Monday, December 27, 2021

Why the Virgin Birth of Christ Matters


“The virgin birth is a necessary foundation to Christmas and the believer’s life,” says renowned pastor and seminary president, Jack Hayford.

Tragically, disbelieving foundational truths has become a normative part of modernity.

Agnostic Oxford professor Sir William Ramsey, one of the greatest archaeologists of all time, decided to scientifically disprove the fourth gospel. He skeptically thought it could not be trusted. Dr. Luke collected his information from a primary source, likely Mary. Luke references thirty-two countries, fifty-four cities, and nine islands.

After several years – and many miles – of diligent labor, Ramsey completely changed his mind, discovering Luke was accurate in every case where the critics disagreed. Ramsey wrote, “Luke is a historian of the first rank; not merely are his statements of fact trustworthy, he is possessed of the true historic sense; in short, this author should be placed along with the greatest of historians.” Much to the dismay of contemporary skeptics of his day, Ramsey spent the next twenty years proving and publishing the accuracy of the smallest details of Luke’s accounts.

Another skeptic turned believer was Thomas Oden, noted Methodist theologian. In his memoir, “A Change of Heart” (2015), he shared his pilgrimage from theological liberalism to orthodox affirmation of biblical Christianity. Explaining his early embracing of biblical skepticism, he admitted, “I loved the fantasies and I loved the revolutionary illusions. I loved heresy.” After spending years disbelieving the basics of the Bible, he says the Holy Spirit found him and set him on a completely different trajectory the rest of his life.

Attacks on foundational theological truths “emerged in the aftermath of the Enlightenment, with some theologians attempting to harmonize the anti-supernaturalism of the modern mind with the church's teaching about Christ. The great quest of liberal theology has been to invent a Jesus who is stripped of all supernatural power, deity, and authority” (Albert Mohler, “Can a Christian Deny the Virgin Birth?”).

The fountainhead of this movement was the skeptical, German higher criticism of the 19th century, with thinkers like Rudolf Bultmann, who argued the New Testament presents a fantasy worldview that we cannot accept as authentic. He pushed a program of thought called “demythologization” to strip Christianity from any hint of the miraculous or supernatural – including the denial of key components like the virgin birth and the literal, bodily resurrection of Jesus Christ.

American Protestant liberalism emerged in the early 1900’s with influencers like Harry Emerson Fosdick courting the same type of deconstructionism. By the mid 1900’s, two movements emerged countering theological liberalism. Fundamentalism, as with Bob Jones, Sr., and evangelicalism, led by figures like Billy Graham, Bill Bright, and Carl Henry saw the dangers and foolishness of rejecting Christianity’s foundations.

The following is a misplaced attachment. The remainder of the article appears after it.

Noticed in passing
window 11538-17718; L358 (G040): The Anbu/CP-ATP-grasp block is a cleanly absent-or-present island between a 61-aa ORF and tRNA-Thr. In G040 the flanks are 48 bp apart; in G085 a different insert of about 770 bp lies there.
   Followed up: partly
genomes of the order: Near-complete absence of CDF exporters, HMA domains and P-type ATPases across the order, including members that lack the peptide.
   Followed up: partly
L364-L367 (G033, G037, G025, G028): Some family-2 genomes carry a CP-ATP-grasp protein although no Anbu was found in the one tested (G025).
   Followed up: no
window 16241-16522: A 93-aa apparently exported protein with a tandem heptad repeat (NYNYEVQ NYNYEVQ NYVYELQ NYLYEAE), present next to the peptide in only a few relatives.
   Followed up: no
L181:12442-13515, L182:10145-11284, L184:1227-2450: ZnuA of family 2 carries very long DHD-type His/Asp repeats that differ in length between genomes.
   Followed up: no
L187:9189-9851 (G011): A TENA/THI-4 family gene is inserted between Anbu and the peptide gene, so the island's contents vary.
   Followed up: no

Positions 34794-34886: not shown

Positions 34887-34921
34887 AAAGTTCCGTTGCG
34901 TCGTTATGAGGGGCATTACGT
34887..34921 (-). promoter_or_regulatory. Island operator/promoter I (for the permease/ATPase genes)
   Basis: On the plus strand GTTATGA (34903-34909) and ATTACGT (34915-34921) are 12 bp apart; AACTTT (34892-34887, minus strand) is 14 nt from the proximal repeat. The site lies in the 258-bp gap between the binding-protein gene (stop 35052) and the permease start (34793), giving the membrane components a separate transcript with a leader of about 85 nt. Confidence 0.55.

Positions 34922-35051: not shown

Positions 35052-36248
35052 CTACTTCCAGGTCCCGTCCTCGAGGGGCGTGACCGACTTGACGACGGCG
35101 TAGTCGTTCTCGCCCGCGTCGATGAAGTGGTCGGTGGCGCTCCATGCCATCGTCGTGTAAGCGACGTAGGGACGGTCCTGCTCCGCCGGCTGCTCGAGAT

The Bible pictures truth as a plumbline. The next time you buy a house, build a storage shed, or drive across a bridge, ask yourself, “Do I care if this structure was built true to plumb (meaning exactly vertical or true)?”

Modern movements, such as the “Jesus Seminar,” however, fully embraced the serpent’s first tactic in the Garden of Eden: “Did God really say?” (Genesis 3:1). The abandonment of the full trustworthiness and authority of the Scriptures has led to fully embracing moral revolutionaries, the sexual revolution, and the questioning of virtually every standard of behavior.

Among most mainline denominations, Thomas Oden, said, “the world sets the agenda – it’s always trying to catch up with whatever is the latest and seemingly, apparently, the best and most productive form of psychotherapy. I was taught to be attentive to culture without having a sufficient grounding in the classical Christian confession.” 

Dr. Mohler warns, “Christians must face the fact that a denial of the virgin birth is a denial of Jesus as the Christ. The Savior who died for our sins was none other than the baby who was conceived of the Holy Spirit, and born of a virgin. The virgin birth does not stand alone as a biblical doctrine, it is an irreducible part of the biblical revelation about the person and work of Jesus Christ. With it, the Gospel stands or falls.

The authority of the Bible is almost completely gone where liberal theology holds its sway. The authority of the Bible is replaced with the secular worldview of the modern age and the postmodern denial of truth itself. The true church stands without apology upon the authority of the Bible and declares that Jesus was indeed ‘born of a virgin.’ Though the denial of this doctrine is now tragically common, the historical truth of Christ's birth remains inviolate.”

This Christmas, I’m thankful for Jesus Christ, the embodiment of Truth, and the Bible, the written revelation of Truth. He is the incarnate and now glorified Word of God, and it is the written and preserved Word of God.

It was necessary for Him to come through a virgin so the bondage of sin
would not be passed to Him. He became the sinless sacrifice – for my sins and yours. He met God’s demands perfectly. 

Pastor Jack recaps, “obedience to God’s Word allows one to be available for the fulfillment of God’s life-giving promises and that through the power of the cross, one can be released from the power of sin and be made righteous and pure before the Lord.”

Images provided with permission by Pexels.

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